It’s Fourth and Goal in TV’s Fight for ‘Thursday Night Football’

Analysis: Fox and CBS are among the media companies fighting hard to snare rights to any and all of the NFL's eight 'Thursday Night Football' games

NFL TV Network Battle
Jorge Lemus/NurPhoto/REX/Shutterstock

One of the greatest scrums in the history of football is taking place right now — but you’ll never see it on TV.

A multitude of big media companies would love to get their hands on the National Football League’s package of Thursday-night games, currently broadcast on CBS and the league’s own NFL Network. Their time could be at hand: A deal between CBS and the NFL to show some of those games is about to lapse, giving Time Warner’s Turner, Comcast’s NBCUniversal, Walt Disney’s ESPN and ABC, and 21st Century Fox’s Fox Sports room to make their case that the weekly contest should be placed under their aegis. CBS, of course, will fight to keep its current media trophy – eight games played in the first part of the season.

At stake is something increasingly hard to come by for TV networks: massive ratings. Each of the eight games shown on both CBS and the NFL Network was the most-watched program on TV on the night it ran, snaring a combined rating of between 14.8 million viewers and more than 21 million viewers. Such numbers would be highly desirable for Fox, which is losing its aging ratings magnet “American Idol,” or NBC, which has had problems fielding a competitive Thursday lineup in recent seasons. Fox and CBS are believed to be competing the hardest for the rights, according to one person with knowledge of the talks.

With those ratings come ad dollars. “Thursday Night Football” commanded an average of $462,000 for a 30-second ad this season, according to Variety’s annual look at primetime ad prices. Only “Sunday Night Football,” “Empire” and “The Walking Dead” cost advertisers more.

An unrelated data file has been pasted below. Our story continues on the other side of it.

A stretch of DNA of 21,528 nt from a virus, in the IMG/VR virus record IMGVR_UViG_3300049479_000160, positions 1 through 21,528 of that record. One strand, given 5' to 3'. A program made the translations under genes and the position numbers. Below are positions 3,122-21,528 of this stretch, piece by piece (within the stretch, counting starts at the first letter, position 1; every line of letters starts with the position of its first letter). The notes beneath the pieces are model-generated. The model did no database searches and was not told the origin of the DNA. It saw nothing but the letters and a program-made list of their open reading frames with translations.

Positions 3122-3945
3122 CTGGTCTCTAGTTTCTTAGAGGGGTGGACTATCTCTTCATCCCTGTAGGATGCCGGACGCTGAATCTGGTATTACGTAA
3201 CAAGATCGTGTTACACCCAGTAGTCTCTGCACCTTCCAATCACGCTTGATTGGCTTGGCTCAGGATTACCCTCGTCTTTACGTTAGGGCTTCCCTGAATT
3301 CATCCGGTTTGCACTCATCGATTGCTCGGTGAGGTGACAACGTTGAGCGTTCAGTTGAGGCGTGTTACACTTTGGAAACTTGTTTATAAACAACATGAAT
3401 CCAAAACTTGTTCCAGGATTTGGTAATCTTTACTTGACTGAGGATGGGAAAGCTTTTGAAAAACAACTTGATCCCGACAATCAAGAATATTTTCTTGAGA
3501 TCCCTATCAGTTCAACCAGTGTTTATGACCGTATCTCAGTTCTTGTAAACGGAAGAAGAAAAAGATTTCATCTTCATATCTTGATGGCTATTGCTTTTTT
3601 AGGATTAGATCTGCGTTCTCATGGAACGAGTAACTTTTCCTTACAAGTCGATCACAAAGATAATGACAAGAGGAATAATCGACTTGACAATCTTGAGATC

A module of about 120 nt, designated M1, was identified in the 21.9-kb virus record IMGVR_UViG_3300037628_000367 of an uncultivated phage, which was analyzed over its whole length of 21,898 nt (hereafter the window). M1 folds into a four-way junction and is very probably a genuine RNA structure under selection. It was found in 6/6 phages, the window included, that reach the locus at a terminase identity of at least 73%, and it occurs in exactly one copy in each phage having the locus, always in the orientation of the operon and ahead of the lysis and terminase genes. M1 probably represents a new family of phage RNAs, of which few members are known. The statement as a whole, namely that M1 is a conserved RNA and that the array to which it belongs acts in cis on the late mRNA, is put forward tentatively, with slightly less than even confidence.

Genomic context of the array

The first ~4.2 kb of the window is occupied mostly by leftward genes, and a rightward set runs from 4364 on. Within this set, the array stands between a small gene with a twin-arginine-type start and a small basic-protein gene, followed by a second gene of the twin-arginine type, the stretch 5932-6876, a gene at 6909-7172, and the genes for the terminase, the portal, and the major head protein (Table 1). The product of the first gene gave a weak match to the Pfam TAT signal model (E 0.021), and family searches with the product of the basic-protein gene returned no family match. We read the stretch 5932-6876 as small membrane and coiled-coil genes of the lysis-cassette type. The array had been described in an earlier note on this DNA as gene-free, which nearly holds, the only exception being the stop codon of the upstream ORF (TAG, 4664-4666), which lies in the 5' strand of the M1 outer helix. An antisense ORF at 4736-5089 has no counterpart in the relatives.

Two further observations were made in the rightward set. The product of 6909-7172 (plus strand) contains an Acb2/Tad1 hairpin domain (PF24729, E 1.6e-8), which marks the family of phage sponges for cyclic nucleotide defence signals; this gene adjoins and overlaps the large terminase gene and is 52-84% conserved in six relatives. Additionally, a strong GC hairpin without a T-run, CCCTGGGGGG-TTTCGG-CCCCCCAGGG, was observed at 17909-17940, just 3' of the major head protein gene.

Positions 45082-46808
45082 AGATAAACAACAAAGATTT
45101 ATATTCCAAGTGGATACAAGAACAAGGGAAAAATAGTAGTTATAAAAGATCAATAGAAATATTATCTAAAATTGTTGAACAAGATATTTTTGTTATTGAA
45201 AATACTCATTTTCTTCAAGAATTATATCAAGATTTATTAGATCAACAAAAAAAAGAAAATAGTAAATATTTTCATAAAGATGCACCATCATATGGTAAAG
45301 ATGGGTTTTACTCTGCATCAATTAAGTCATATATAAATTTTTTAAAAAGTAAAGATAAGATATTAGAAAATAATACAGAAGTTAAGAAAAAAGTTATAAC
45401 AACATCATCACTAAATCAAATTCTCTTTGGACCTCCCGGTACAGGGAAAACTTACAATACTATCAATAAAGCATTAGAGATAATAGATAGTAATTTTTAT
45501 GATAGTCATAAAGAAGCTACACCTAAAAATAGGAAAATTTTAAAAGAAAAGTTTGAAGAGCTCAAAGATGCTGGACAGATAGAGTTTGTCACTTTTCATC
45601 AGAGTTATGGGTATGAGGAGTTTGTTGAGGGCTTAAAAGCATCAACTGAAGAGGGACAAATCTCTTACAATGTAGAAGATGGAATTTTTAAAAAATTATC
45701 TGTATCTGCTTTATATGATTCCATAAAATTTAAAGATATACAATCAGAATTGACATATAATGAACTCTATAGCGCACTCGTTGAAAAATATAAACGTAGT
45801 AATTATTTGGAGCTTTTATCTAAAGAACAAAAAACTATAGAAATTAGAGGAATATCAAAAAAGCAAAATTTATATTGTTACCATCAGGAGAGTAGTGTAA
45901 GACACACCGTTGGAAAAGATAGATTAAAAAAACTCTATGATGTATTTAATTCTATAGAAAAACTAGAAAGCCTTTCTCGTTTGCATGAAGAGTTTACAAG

But snaring the Thursday package won’t be easy. For one thing, it’s quite costly. CBS reportedly paid $300 million for the games in 2015, up from about $275 million for 2014, when it first gained those TV rights. CBS Corp. chief executive Leslie Moonves has told investors at recent conferences that the company expects to pay some sort of increase — but won’t break the bank to keep the rights. (CBS also has rights to the NFL package of AFC games on Sunday afternoons through 2022.)

The media companies and the NFL declined to make executives available for direct comment on the negotiations, which, if recent history is a guide, ought to come to some sort of end before Super Bowl 50 is broadcast in early February.

Already, however, some things are clear. The NFL is interested in broadening the Thursday-night footprint. The League has approached the networks not only about a pitch for eight games, but also just a handful of them – an option that would likely cause scheduling havoc. “Whatever they do is all about increasing the viewership and the promotion and the destination-viewing of ‘Thursday Night Football.’ ” said CBS Sports chief Sean McManus during a presentation at the Television Critics Association press tour Tuesday. He confirmed an earlier report in Sports Business Journal about the new arrangement being sought by the NFL.

The NFL wants the games to have the massive reach of a broadcast network, according to people familiar with the talks, meaning it will be hard for the companies to make the case for their cable assets. And the league might be interested in separating streaming rights, perhaps using them to experiment with a nontraditional, digitally focused entity.

In a recent interview with Re/code, Brian Rolapp, the NFL’s exec VP of media, suggested the league would consider all options, and is not averse to letting a traditional media player handle both streaming and broadcast. Until the next contract is decided, it’s likely that everyone from ABC to Yahoo will at least kick the tires on this pigskin property.